“Of course, Impact and MasterCraft Safety also offer helmet support collars for the price-sensitive racers whose sanctioning rules do not require the use of a head-and-neck restraint,” she adds. “Because many of the circle tracks are extremely dusty by the main event, the Impact helmets with the integrated air induction port are gaining in popularity, and tear-offs are an obvious necessity for the dirt tracks.”
Regarding rod ends, we turn to Rod End Supply’s Bob Douglas.
“The (most popular) product is our NylaFiber injection-molded race rod ends in chromoly steel, mild steel and aluminum. We also offer the economy two-piece rod ends in a variety of materials.”
Our second question was about outside factors currently affecting the circle track market.
The first, according to Chet Herbert of Herbert’s, is money.
“Budget is very important to everyone these days, especially racers. We find that helping customers with parts that offer the quality they need at a good value is a great benefit. We offer products dedicated to certain racers from Saturday night dirt racers to Sprint Cup teams with consideration for budget as well as performance and ease of use and installation.”
Neugent also says that the recent economic downturn has been a concern.
“The main outside factor is cost. When the economy went in the tank 2-1/2 years ago that was a big hit with people losing their jobs, and then the price of gas going through the roof. This created a waterfall effect on everything else, causing prices to go up on everything.”
That’s created a market for quality racing products that will last.
“The entire racing industry has been affected by the current economic climate and competitors now more than ever are in need of products that will endure a full season (or longer) of racing,” Willmore notes. “The main consideration for the circle track racers tends to be more on the quality versus the price, because as with anything the saying holds true, ‘you get what you pay for.’ While many safety items are regulated by the date of manufacture tags and require replacement when the outlined timeframe expires, racers are also opting for the highest-quality products that will withstand the abuses of three nights a week of racing over a full season of competition.”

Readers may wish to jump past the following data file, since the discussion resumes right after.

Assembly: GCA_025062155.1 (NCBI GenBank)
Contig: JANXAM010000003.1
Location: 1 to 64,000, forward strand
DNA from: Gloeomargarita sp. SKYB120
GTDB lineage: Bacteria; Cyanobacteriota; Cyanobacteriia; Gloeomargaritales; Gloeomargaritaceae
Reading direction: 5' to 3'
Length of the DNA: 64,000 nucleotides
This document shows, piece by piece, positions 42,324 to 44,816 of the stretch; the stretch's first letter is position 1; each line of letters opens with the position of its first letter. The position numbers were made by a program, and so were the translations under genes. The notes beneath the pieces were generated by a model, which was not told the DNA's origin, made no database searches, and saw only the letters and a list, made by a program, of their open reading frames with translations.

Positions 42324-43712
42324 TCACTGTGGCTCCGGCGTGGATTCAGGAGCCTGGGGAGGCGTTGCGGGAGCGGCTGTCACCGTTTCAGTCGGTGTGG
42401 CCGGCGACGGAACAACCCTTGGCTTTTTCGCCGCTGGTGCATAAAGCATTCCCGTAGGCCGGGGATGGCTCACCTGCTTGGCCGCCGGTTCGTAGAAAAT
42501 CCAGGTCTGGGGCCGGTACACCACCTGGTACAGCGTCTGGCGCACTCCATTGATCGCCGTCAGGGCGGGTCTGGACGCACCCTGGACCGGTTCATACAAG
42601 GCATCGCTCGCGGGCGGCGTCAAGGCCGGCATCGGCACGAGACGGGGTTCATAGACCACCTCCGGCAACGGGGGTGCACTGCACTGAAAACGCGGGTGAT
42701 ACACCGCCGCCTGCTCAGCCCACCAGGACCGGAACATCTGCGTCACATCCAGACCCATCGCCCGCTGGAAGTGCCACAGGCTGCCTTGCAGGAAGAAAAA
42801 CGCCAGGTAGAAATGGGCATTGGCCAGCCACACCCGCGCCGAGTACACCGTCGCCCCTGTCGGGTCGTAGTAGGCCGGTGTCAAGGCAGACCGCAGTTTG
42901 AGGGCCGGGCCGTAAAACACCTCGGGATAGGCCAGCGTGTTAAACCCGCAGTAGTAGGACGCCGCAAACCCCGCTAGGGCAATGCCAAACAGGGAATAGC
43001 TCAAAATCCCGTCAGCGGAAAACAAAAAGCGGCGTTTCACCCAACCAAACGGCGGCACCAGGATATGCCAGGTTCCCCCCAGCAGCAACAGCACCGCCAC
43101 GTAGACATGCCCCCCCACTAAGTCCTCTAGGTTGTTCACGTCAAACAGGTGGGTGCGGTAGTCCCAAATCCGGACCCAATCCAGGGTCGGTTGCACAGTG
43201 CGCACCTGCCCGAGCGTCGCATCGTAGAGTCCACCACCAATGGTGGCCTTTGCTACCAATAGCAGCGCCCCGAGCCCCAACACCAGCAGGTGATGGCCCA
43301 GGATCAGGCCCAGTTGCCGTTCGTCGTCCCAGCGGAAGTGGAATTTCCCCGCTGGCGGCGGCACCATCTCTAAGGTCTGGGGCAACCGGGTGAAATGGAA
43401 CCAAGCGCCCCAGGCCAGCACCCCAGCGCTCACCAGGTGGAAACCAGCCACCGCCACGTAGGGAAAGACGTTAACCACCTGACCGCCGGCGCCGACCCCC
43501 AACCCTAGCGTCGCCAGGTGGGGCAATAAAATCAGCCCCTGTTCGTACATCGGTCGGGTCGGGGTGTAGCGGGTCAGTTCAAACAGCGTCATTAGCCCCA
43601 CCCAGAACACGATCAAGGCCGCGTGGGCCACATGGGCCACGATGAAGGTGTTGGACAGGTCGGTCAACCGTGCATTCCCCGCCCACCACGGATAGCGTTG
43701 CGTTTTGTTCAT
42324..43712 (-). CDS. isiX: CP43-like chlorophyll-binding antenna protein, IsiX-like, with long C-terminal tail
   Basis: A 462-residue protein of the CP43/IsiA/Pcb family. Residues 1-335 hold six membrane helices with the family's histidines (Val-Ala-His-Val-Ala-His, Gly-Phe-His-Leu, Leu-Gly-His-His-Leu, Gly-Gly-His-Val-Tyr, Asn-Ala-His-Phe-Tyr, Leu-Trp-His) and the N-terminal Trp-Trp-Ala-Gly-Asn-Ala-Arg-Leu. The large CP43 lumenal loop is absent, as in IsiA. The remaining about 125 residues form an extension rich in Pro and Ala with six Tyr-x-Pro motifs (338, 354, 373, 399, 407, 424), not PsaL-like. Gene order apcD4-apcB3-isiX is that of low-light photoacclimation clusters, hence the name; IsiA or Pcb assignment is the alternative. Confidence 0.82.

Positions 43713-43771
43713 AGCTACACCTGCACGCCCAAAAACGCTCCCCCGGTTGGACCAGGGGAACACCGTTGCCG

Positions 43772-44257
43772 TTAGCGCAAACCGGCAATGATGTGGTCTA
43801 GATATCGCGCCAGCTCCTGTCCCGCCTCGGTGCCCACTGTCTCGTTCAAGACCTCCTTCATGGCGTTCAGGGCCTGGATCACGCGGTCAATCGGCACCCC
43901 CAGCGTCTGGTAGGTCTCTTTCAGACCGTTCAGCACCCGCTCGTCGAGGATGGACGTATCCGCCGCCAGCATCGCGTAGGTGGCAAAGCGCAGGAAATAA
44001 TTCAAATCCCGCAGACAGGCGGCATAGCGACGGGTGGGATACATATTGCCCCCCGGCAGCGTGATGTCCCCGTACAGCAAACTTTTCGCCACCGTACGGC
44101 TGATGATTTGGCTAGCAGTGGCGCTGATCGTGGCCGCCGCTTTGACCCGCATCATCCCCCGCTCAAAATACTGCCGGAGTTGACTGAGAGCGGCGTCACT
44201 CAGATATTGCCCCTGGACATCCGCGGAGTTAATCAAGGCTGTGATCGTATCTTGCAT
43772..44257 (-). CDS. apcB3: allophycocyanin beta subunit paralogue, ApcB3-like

“Keeping racers racing is the goal,” he says. “It costs money to go racing, but a lot of money is wasted due to poor maintenance. Over 70 percent of all machine failures are due to contamination, and the majority of contaminants can be prevented or removed by frequent and proper maintenance procedures. It is cheaper to spend $100 a week on maintenance over a 20-week season than it is to spend $4,000 for a midseason rebuild.”
Douglas from Rod End Supply adds, “In the past couple of years, the weather and the downturn in the economy has hurt the circle track market.”
Another factor for some engine builders is the emergence of crate engines, says McKnight.
“From our perspective, we see the crate or spec engine changing the marketplace for our products. We also see the requirements in some series for sealed engines that need to be run for several races having a negative effect on our business. The impact on our business certainly is not what we’d call cut-and-dried. If the aforementioned rules do their intended job and make the series more affordable, then more racers and teams will participate, offsetting the negative impact to our business of the rules themselves. Regardless, we’ll do our best to support the industry and racer/engine builders by both offering the products they need and the tech help to support those products.”